Here we are, less than a week away from the spooky fun of Halloween. Your little ones (or bigger ones…) will be transforming into witches, ghosts, ninjas, Transformers and princesses.
Here are 11 trick or treat safety tips from Debra Holtzman from her book The Safe Baby (Sentient Publications, $16.95, ISBN 978-1-59181-085-8).
Holtzman is a former lawyer and an M.A. in occupational health and safety as well as a mother of two children. She has been on many shows discussing safety including The Today Show, Dateline NBC and Martha Stewart Living radio.
Because Halloween is a little different than some holidays, safety is especially important. It’s dark; the kids are out in the neighborhood, and they may be wearing clothes that are a little different than their normal wardrobe.
Here are Holtzman’s tips to help keep kids a little safer on their trick or treating adventures:
- Go with them to trick or treat and go up to the door of each house so you can see who your child is meeting.
- Put reflective tape on your child’s costume and accessories – wear some yourself so your child feels like you’re part of it too.
- Have them carry a flashlight or light stick to see and be seen.
- Encourage your child to walk, not run. In the dark, it’s hard to see tripping hazards in unfamiliar yards. Use the sidewalks as much as possible.
- Cross streets at crosswalks and hold your child’s hand (as usual).
- Don’t let your kid munch the treats while they’re out. You want to look at everything before they eat it. Toss anything that’s open or homemade. (I also collect anything that just looks weird or unfamiliar too).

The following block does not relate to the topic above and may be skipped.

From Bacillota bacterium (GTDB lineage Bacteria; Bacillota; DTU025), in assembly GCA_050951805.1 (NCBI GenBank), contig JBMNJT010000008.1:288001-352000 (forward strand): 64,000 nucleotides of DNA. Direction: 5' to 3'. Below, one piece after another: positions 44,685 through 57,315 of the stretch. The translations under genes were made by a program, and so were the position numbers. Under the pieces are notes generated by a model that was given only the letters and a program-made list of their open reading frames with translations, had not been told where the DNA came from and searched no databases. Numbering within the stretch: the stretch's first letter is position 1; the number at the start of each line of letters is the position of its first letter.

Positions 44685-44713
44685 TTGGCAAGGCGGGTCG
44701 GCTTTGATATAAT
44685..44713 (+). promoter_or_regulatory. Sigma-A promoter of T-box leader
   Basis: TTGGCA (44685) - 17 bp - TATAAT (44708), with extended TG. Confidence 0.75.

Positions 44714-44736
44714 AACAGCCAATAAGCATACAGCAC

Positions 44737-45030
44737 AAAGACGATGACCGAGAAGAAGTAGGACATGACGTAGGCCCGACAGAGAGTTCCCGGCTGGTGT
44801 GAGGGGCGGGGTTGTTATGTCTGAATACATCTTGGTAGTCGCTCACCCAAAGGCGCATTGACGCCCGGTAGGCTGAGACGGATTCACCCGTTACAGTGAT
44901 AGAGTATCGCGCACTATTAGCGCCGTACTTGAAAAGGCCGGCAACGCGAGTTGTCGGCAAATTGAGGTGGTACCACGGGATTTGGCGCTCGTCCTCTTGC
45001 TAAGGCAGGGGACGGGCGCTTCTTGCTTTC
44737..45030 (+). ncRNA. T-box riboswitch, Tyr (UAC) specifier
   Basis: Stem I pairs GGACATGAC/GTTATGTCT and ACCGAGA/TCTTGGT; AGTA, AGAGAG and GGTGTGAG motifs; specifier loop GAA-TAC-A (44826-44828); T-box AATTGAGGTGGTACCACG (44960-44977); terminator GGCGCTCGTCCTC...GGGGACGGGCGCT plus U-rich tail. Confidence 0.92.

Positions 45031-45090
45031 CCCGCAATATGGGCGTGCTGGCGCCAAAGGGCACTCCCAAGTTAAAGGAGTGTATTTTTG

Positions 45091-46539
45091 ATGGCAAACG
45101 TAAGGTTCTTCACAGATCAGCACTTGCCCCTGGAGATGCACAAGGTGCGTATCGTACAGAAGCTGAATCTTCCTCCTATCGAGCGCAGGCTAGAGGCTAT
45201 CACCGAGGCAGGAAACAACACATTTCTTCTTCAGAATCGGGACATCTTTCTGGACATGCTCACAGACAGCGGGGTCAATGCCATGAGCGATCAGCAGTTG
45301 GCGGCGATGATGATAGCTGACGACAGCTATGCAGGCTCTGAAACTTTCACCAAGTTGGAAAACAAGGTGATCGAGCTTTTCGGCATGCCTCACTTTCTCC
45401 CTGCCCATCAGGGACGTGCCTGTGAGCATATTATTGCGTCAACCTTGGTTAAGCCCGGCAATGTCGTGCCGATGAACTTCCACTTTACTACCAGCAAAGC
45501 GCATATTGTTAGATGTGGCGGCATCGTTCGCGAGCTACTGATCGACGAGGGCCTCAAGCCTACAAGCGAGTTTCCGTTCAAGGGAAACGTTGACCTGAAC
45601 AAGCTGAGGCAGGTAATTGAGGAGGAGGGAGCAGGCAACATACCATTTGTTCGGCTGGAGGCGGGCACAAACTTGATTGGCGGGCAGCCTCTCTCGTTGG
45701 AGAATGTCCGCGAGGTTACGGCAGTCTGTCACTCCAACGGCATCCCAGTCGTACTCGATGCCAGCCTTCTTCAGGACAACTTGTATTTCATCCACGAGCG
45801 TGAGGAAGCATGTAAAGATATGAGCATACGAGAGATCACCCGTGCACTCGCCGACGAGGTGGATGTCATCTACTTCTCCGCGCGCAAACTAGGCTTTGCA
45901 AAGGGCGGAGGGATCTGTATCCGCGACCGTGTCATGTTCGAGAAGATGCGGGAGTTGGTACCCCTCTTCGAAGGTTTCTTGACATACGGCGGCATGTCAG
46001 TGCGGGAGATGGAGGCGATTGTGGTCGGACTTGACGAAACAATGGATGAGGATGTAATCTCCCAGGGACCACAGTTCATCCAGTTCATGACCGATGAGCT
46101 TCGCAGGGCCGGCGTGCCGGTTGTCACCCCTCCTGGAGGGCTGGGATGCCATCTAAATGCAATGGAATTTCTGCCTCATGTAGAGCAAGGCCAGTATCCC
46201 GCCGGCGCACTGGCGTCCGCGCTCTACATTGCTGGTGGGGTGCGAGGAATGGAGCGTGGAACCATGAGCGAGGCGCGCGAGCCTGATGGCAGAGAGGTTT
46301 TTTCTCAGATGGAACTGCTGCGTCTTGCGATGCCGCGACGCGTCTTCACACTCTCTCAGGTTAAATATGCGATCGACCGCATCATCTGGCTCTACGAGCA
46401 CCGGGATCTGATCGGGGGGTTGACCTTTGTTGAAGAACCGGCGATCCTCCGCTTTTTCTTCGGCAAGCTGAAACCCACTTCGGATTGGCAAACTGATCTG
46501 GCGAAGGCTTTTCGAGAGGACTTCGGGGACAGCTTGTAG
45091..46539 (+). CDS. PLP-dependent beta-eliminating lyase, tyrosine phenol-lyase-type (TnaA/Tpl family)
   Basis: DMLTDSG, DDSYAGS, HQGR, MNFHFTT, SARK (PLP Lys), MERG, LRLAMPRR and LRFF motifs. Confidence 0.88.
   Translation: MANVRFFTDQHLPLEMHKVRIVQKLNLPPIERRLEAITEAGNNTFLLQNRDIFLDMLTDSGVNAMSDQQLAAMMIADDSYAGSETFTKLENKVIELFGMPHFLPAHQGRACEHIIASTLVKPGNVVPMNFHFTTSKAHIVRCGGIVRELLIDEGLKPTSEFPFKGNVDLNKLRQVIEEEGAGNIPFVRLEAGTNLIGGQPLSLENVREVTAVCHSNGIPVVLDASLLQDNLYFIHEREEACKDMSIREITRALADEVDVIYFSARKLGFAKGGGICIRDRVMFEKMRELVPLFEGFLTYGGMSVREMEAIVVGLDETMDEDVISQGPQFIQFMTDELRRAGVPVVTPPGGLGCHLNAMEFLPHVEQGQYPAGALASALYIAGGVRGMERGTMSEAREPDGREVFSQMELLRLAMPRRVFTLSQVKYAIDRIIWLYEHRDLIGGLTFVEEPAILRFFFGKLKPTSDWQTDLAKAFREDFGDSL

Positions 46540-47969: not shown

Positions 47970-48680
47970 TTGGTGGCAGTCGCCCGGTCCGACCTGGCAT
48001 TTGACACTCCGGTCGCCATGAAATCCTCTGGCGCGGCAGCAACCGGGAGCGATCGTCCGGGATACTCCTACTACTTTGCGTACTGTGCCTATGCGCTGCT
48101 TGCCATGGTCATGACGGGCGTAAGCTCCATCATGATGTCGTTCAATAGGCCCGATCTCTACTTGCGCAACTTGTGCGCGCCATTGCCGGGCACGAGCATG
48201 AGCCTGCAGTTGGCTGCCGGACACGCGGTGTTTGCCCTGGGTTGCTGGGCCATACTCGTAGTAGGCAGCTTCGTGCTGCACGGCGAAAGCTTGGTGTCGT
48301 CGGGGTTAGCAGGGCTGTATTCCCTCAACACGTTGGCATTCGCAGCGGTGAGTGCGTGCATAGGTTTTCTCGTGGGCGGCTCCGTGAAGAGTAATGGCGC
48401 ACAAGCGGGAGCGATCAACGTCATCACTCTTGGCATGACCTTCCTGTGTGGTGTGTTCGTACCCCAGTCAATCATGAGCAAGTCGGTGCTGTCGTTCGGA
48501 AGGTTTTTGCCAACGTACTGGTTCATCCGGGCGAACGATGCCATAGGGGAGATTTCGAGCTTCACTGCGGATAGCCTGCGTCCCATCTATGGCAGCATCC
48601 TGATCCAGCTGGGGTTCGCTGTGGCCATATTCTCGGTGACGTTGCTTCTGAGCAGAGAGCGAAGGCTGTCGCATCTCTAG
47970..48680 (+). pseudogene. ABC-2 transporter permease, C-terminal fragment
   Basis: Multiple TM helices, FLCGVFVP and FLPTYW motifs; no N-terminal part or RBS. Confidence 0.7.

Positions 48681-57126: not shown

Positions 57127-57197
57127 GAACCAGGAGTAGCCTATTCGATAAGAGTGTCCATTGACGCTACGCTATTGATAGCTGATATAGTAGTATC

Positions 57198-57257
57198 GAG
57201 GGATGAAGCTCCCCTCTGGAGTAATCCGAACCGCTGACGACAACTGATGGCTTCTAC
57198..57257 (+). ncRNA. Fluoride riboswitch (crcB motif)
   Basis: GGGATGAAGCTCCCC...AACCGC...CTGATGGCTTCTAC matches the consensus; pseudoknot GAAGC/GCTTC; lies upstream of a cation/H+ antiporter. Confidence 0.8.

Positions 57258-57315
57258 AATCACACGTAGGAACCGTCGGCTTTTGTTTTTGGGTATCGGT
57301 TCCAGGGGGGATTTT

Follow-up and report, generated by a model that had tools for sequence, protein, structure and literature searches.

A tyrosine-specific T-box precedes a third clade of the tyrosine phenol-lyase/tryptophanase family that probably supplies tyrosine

- If your child is young, collect anything that is slippery and round as that can be a choking hazard.
- Try to steer your child to wearing makeup instead of a mask. Masks can block peripheral vision, making it a safety hazard. Sometimes they’re hard to breathe in as well, which doesn’t work when kids are moving fast while trick or treating.
- Polyester and nylon fabrics make costumes more flame-resistant which is important since people may have lit candles in their jack o’lanterns (a good reason to use electric candles in yours). Cotton fabrics and anything long and flowing such as robes or capes can be hazardous.
- Consider hemming any long costumes a bit shorter so it’s easier to run around.
- Encourage sturdy shoes, as opposed to princess heels so it’s easier and more comfortable to walk in. If it’s hard to convince your child, assure them they get to wear their fun shoes for dress up and any school parties that might be happening this week.
Please see The Safe Baby for comprehensive safety tips for other holidays, for all over your house and for almost any situation. Visit her website The Safety Expert for more information about Holtzman and her books. ]]>